• Better deals:

Sometimes you can find better deals via the hotel’s website or by calling their reservations department than you’ll find on a third-party platform. This is a great option if you’re aiming to book multiple rooms for an event, conference, or something akin to this.

  • Cancellations/Rebooking is Easier

The terms for cancelling or rebooking are often much more lenient when booking directly through the property versus a third-party. If you foresee having to cancel or reschedule a trip, it often behooves you to book direct to make that process easier.

  • Earn Hotel Points:

Often you qualify to receive more rewards and points when you book direct. This is because when you book direct, the hotel does not have to pay a “finder’s fee” for your booking, meaning they can reward you for your loyalty and for saving them money. This is especially important if you’re a fan of staying with global hotel chains.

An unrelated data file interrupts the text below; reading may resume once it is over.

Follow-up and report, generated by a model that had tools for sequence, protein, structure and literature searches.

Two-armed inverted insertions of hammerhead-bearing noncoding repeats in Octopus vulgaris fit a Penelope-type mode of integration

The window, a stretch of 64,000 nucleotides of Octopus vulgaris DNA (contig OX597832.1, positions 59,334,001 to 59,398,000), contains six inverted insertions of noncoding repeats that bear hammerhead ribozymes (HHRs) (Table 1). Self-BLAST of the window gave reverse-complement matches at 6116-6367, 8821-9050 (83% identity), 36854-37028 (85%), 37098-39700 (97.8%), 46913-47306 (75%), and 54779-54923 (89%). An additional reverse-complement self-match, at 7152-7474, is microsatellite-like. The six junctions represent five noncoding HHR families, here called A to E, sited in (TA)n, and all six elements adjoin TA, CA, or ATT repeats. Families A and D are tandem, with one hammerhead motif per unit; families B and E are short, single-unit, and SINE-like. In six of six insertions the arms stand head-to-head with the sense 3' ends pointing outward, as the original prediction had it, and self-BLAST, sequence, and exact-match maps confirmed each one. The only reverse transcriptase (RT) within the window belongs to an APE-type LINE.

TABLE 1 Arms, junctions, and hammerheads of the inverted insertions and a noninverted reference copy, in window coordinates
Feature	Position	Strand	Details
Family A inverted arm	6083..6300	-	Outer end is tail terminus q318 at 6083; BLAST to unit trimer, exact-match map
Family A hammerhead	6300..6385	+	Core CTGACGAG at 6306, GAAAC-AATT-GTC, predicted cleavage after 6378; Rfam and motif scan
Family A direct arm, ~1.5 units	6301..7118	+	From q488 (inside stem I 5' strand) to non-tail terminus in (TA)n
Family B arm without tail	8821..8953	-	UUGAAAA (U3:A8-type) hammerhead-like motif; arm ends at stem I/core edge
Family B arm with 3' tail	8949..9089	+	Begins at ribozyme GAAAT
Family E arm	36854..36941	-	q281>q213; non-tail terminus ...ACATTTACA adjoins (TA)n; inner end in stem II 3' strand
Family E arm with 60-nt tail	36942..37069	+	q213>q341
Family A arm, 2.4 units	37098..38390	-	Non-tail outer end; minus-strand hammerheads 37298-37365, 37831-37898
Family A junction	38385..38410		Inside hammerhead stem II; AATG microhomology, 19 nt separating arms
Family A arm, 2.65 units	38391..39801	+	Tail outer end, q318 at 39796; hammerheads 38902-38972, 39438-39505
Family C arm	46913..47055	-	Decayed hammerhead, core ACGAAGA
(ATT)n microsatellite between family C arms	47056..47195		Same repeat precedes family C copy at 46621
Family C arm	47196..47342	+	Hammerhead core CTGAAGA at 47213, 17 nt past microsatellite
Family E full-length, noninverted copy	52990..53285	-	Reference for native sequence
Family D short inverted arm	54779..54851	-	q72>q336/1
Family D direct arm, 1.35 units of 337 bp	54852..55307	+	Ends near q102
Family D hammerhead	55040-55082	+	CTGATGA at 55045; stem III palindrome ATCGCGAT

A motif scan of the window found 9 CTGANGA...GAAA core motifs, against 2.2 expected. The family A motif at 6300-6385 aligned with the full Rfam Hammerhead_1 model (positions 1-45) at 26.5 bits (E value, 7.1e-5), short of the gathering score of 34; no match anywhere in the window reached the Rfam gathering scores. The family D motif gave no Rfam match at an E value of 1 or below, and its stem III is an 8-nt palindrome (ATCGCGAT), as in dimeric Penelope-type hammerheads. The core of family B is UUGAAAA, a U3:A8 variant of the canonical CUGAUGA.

Living Abroad

Physical Wellbeing and Health Insurance

Any time you leave your home country, it’s a wise decision to purchase health insurance that covers you while you’re abroad.

While there are plenty of things you can do to keep healthy while travelpreneuring—like getting regular physical exercise and being cautious about food and water safety–you may still find yourself in need of medical assistance, despite your best precautions.

While we’re not advocates of insuring your personal belongings while you’re travelling (premiums on items like laptops tend to quickly add up to more than the secondhand value of the machine), an unexpected trip to hospital for an extended stay can be financially devastating.

This is especially true if you’re travelling in the United States. But depending on your country of citizenship and where you’re going, the US is far from the only country that can wipe out your life savings should you fall seriously ill or require surgery.

There are myriad travel health insurance options out there—far too many to cover here. Nomadgate has written a terrific resource geared towards health and travel insurance for travelpreneurs and digital nomads here.

One crucial thing to keep in mind is that traditional travel health insurance is designed for trips of relatively short duration and is often only valid in countries listed on your travel itinerary. This can be a debilitating drawback for the spontaneous travelpreneur or digital nomad.